Depends on your perspective. It could also mean that you spend less frivolously and you place more value on what you own. In our case, we also discovered a few boat-related items that just aren't crucial to safe sailing in our home waters.


Quote:

Originally Posted by Harborless (Post 744502)
Haha, guess your priorities change with age.

Or with maturity, which often has nothing to do with age.


Quote:

Originally Posted by Harborless (Post 744502)
I do like having you old folks around for the knowledge you usually have.

I can't wait until you are in your forties and fifties to see if you still consider it "old." :laugher

snowdawg 06-27-2011 10:05 PM

Quote:

Originally Posted by Harborless (Post 744502)
I wish I had one of you "older" folks jobs. have 150 K for a boat and refit. Sheesh man, give me twenty G's and I start the dream tomorrow!


Twenty G's was my budget.
I'm 53 and after 20 years of dreaming about it I bought my aloha 8.2 a year and a half ago. I have been learning to do all the repairs myself and I have had just as much fun learning to work on her as I have learning to sail her.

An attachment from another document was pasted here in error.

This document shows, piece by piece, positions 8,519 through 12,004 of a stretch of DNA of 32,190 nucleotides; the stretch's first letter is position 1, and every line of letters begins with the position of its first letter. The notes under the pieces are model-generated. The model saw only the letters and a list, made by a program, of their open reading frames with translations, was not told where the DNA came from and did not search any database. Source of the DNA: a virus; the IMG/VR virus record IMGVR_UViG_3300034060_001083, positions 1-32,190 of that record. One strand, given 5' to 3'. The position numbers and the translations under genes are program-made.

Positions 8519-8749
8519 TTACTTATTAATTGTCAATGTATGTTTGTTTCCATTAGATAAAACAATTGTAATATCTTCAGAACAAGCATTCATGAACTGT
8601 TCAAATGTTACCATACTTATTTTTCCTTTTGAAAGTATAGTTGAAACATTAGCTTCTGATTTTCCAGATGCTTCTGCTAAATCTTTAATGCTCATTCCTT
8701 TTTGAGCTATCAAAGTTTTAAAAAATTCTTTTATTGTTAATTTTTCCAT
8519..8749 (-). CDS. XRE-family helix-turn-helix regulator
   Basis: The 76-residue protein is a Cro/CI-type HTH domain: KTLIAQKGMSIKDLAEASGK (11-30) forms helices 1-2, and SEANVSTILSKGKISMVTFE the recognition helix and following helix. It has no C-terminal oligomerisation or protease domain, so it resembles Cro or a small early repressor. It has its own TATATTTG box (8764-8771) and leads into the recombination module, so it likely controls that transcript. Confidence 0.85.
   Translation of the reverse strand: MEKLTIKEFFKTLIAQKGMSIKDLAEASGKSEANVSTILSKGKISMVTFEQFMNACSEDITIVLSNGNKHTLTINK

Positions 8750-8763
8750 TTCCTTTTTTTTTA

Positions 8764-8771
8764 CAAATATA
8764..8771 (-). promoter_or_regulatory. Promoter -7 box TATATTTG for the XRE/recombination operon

blt2ski 06-28-2011 12:12 AM

Not quite 50, will not say how old spouse is, from it might get me in trouble, other than meow!?!?!?!?

finally after one marriage, spouse would not step on a boat, Sheryl will overall, altho a bit timid, she at least grew up on stink pots. I built two boats as a teen, sailed them on lake washington, not have the dream boat per say from the time a 30' IOR style half ton, altho a post fastnet version.......

As far as having money at my age, I think I had more in college and out of college with newborn twin sons etc. THe current depression has hit those of us in the contracting area, and Sheryl who is an escrow office, both own our own companies. One of those hanging on by toe nails or threads or some such thing............hopefully things get better.

oh yeah, no kids tween us, I have 4, she as none. I suppose mr winston, the rather spoiled King charles cavalier is the kid we have, along with three cats.......

Marty